A bacterial change of scene: a story about membrane filtration.
At the start of my PhD I had an interesting discussion with my colleague Florian Beyer (co-author on this paper) about the ecological features of synthetic membranes. This discussion set the objective of this paper; understanding which physiological features bacteria require to colonize synthetic membranes. Our quest has uncovered valuable information that pinpoints bacterial weaknesses that could potentially be used to control membrane biofouling.
Membrane filters provide an excellent way to purify water but the production process is frequently impeded by fouling, with biological fouling or biofouling as the main disrupter. Despite years of research, the fundamental understanding of membrane biofouling remains limited. The lack of culture-dependent studies hampers understanding of how bacteria interact and respond to the changing conditions on the membrane surface, for example membrane cleaning. Next generation sequencing studies have shown that the bacterial community of many membrane surfaces are comparable in composition and that the Sphingomonadaceae family is an important resident of the membrane microbiota.
Florian and I were at that time both working at Wetsus and this provided us with an advantage because in our research theme also operators of full scale membrane installations were participating. To help us solve our quest, the operators provided us with membranes that were used in full-scale water purification plants. A kind gift because membrane removal leads to downtime, a true nightmare for most membrane operators as they have to ascertain a continuous supply safe drinking water to their customers. Florian harvested twelve membranes that were used at different locations and the obtained biomass was streak plated on a Sphingomonas selective medium, which yielded around 60 pure strains of Sphingomonads and other pigmented bacteria. Physiological characterization of the Sphingomonad membrane isolates showed that they share many features uncommon for their family, but which must have provided them key advantages for survival at the membrane surface. All membrane isolates were motile and the majority produced a flagellum and pili. Pili are perfect anchors to inhibit washout from the membrane and flagella stimulate membrane colonization. The Sphingomonadaceae family includes few members that are able to grow in a wide range of pH or under saline conditions, but most of the membrane isolates can. Changes in pH is one of the most common procedure to dissolve biofouling material and consequently to clean membrane surfaces. Our results suggest that membrane surfaces provide an ecological niche with particular environmental conditions, due to the membrane cleaning steps and the inherent accumulation of solutes such as salts at the membrane surface.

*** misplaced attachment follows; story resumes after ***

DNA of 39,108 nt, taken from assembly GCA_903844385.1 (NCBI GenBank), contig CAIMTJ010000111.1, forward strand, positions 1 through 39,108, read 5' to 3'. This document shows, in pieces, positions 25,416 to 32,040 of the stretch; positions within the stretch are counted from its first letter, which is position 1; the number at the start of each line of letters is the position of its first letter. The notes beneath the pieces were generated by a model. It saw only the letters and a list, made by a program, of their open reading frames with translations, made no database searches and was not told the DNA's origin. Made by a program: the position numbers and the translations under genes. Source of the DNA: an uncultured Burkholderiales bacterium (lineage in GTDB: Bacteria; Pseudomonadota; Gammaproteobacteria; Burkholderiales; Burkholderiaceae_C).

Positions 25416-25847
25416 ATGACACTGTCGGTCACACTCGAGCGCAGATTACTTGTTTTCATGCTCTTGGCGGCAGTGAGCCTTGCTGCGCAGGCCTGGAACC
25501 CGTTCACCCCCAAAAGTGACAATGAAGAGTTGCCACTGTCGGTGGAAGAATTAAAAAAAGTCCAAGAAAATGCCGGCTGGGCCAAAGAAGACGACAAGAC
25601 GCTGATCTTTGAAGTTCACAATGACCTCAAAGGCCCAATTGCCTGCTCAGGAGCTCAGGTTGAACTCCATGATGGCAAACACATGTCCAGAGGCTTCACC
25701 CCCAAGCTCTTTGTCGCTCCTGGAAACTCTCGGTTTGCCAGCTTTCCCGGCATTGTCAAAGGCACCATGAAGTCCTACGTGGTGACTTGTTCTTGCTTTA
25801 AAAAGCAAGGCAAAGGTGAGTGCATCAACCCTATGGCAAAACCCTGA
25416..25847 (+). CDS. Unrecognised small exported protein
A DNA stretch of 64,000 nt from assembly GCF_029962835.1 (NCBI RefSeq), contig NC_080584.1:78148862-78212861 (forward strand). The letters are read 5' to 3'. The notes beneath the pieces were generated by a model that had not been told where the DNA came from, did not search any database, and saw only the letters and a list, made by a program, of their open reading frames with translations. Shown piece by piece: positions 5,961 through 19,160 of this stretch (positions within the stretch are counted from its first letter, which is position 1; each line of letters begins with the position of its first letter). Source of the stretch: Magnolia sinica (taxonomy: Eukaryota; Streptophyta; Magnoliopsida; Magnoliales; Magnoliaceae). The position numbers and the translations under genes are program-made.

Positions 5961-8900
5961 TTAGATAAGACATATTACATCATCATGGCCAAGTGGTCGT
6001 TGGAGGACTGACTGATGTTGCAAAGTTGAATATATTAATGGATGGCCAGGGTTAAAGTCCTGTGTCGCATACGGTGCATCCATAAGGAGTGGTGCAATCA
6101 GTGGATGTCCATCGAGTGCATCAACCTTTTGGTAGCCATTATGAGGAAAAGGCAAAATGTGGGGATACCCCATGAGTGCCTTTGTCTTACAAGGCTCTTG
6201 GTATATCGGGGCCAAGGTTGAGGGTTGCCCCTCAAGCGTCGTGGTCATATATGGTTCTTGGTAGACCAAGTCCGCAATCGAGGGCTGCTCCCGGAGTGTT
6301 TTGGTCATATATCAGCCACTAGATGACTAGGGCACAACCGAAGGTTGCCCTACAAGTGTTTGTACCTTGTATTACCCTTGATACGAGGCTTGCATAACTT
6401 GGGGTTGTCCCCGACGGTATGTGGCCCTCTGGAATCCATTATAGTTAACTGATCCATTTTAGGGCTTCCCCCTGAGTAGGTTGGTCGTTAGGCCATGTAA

This work has been published under the title: Isolation and characterization of Sphingomonadaceae from fouled membranes